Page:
If a man rapes a betrothed maiden, it’s an act of adultery. Nevertheless, only the man is punished; the girl in this scenario is blameless because she was compelled. This law is not limited to this situation; in general a person who commits a crime under duress is exempt from punishment.
The reason for this mitzvah is obvious: it’s not fair to punish someone for something they were forced to do against their will.
This mitzvah applies even in the case of two of the three mitzvos that one should perish rather than violate. That is, one should give up his own life before committing murder or idolatry but if he didn’t, he is not held liable for his crime. However, if a man commits an act of adultery or incest under duress, he is liable because, unlike a woman, a man is unable to perform sexually without a certain degree of interest.
Ramban (Nachmanides) does not count this as one of the 613 mitzvos. Rather than a command (“do not punish her because she did nothing”), he considers it a statement of fact (“she is not punished because she did nothing”).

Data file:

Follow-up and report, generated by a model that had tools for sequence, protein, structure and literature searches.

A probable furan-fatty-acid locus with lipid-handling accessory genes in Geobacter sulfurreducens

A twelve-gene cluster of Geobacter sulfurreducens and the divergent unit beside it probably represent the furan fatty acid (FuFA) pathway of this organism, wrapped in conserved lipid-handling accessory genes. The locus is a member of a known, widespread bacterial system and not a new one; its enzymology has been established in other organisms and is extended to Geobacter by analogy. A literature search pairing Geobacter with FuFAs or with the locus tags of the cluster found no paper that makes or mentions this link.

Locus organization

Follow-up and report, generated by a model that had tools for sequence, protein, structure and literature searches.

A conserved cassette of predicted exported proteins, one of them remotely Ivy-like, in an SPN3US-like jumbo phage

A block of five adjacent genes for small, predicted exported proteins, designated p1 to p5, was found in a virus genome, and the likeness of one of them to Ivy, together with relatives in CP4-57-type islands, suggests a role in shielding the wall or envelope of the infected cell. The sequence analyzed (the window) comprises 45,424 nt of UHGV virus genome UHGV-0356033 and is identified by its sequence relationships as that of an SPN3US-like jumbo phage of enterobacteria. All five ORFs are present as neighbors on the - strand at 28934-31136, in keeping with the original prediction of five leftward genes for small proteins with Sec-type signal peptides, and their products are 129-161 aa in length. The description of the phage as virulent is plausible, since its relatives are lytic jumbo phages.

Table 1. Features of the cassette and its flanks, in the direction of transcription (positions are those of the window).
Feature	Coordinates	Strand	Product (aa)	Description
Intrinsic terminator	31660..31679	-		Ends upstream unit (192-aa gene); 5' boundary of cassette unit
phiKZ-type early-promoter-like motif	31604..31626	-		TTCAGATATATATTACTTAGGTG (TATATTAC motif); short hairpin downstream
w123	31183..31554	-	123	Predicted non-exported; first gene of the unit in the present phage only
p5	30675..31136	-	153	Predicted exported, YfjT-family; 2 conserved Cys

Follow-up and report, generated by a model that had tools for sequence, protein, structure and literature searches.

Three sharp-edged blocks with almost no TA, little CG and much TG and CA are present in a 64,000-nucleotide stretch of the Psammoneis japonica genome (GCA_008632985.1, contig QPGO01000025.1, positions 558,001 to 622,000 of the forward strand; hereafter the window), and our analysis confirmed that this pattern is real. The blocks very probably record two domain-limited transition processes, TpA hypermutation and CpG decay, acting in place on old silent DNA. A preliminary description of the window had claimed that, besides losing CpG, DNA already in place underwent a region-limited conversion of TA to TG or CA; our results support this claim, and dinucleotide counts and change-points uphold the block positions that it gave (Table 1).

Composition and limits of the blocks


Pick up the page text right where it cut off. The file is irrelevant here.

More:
This mitzvah applies in all times and places. It is discussed in the Talmud in tractate Baba Kama (28a-29b – see in particular 29a) and in Avodah Zarah (54a). It is codified in the Mishneh Torah in the twentieth chapter of Hilchos Sanhedrin. This mitzvah is #294 of the 365 negative mitzvos in the Rambam’s Sefer HaMitzvos; it is not listed in the Sefer HaMitzvos HaKatzar of the Chofetz Chaim.